Intended for healthcare professionals


Giving medicine a fair trial

BMJ 2000; 321 doi: (Published 16 December 2000) Cite this as: BMJ 2000;321:1529

Patients' preferences should be assessed

  1. Laurie Allan, director chronic pain services,
  2. Lance Tooke, clinical research fellow, pain management
  1. Northwick Park Hospital, Harrow, Middlesex HA1 3UJ
  2. Sandwell Health Authority, West Bromwich B70 9LD
  3. Unit of Clinical Epidemiology and Trials, National Institute for Cancer Research, 16132 Genoa, Italy
  4. Clinical Trials Research Group, Biomedical Ethics Unit, McGill University, Montreal, Quebec, Canada H3A1 W9
  5. Department of Radiation Oncology, Sir Charles Gairdner Hospital, Nedlands, Western Australia 6008, Australia
  6. Cancer Foundation of Western Australia
  7. Western Australian Clinical Oncology Group, Subiaco, Western Australia 6008, Australia

    EDITOR—Ashcroft in his editorial calls for trials that do not second guess what patients want.1 We agree that sometimes the search for the perfect design of a clinical trial is impractical. Ashcroft argues that if we are uncertain about treatments then the best treatment for the patient is the trial.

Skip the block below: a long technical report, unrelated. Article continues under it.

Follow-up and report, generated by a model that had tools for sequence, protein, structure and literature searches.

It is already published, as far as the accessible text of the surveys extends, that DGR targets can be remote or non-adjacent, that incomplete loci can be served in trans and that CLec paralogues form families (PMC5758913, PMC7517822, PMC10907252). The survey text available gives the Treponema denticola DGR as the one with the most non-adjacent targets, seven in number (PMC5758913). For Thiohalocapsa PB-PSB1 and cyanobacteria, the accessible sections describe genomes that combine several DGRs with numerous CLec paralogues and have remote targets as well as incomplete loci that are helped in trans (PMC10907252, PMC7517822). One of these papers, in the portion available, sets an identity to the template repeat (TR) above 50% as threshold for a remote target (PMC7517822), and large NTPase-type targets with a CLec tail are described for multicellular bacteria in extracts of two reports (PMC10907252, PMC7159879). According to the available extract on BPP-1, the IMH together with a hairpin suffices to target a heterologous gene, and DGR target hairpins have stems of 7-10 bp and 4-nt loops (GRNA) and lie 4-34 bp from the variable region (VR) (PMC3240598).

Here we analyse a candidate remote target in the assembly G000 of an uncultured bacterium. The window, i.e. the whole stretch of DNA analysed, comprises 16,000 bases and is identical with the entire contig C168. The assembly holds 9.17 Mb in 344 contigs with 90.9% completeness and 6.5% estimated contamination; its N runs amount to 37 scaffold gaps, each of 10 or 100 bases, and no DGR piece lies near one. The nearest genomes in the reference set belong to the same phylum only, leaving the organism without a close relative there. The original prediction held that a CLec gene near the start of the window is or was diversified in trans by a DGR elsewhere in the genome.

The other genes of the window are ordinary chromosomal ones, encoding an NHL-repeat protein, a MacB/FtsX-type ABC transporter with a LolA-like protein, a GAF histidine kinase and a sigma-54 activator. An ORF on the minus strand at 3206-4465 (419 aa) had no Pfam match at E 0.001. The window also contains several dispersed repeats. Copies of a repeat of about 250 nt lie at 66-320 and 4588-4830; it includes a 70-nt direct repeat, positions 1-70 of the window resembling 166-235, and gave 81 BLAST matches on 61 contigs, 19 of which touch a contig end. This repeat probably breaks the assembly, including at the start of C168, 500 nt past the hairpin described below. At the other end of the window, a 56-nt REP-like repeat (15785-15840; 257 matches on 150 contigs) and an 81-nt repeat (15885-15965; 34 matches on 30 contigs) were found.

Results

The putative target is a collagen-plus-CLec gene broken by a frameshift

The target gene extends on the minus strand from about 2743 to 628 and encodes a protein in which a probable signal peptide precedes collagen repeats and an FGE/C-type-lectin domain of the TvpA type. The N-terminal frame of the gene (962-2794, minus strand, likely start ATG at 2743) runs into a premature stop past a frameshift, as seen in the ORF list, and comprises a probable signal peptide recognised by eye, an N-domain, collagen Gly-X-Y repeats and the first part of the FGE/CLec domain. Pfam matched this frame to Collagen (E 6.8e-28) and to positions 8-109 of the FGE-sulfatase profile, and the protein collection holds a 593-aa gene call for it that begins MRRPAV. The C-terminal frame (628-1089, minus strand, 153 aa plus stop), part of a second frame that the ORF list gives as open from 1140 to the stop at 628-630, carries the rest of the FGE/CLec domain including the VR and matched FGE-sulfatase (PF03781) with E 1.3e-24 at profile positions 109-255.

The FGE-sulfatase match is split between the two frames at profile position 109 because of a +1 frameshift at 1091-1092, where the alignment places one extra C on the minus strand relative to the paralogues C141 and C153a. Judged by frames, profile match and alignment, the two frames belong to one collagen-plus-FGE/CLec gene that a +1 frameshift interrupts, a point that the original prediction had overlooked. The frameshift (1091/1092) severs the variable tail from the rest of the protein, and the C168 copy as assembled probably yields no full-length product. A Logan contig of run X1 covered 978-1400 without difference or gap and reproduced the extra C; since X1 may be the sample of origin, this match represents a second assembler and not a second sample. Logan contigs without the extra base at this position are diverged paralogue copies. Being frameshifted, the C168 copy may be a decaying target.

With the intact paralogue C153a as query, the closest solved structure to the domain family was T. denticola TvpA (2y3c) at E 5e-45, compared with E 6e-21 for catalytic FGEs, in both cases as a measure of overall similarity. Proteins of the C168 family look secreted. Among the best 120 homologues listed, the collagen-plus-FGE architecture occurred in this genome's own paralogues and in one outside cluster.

Although trials should be simple, timely, and well designed to answer well posed questions, we cannot agree that they should not assess what patients prefer. The preference of a patient deserves special emphasis when diseases or treatments affect quality of life, when the treatment entails risks or side effects, or when the choice between treatments is a “close call.”2 This is particularly relevant in chronic diseases where a particular symptom such as pain is the problem. The balance between the efficacy and the profile of side effects of the treatment in relation to the overall pain experience is one that only patients can judge and may be more accurate than pain measures alone. Preference for a particular treatment may promote compliance and contribute to its success. We understand Ashcroft's difficulty that endpoints relevant to patients—for example, quality of life—make trials harder to run and take longer to implement, but we cannot agree that the results are harder to generalise and apply.

    Those who apply a true evidence based approach include only studies that are randomised, double blind, and placebo controlled in systematic reviews. The goal of good clinical trial design is to eliminate chance and bias. Without randomisation, treatment effects are exaggerated up to 40%; without effective blinding, exaggeration may reach 20%.3 The larger the sample population the more likely the results are to be credible; small trials overestimate treatment effect by as much as 30%.4 These facts constitute a hierarchy that has not yet been …

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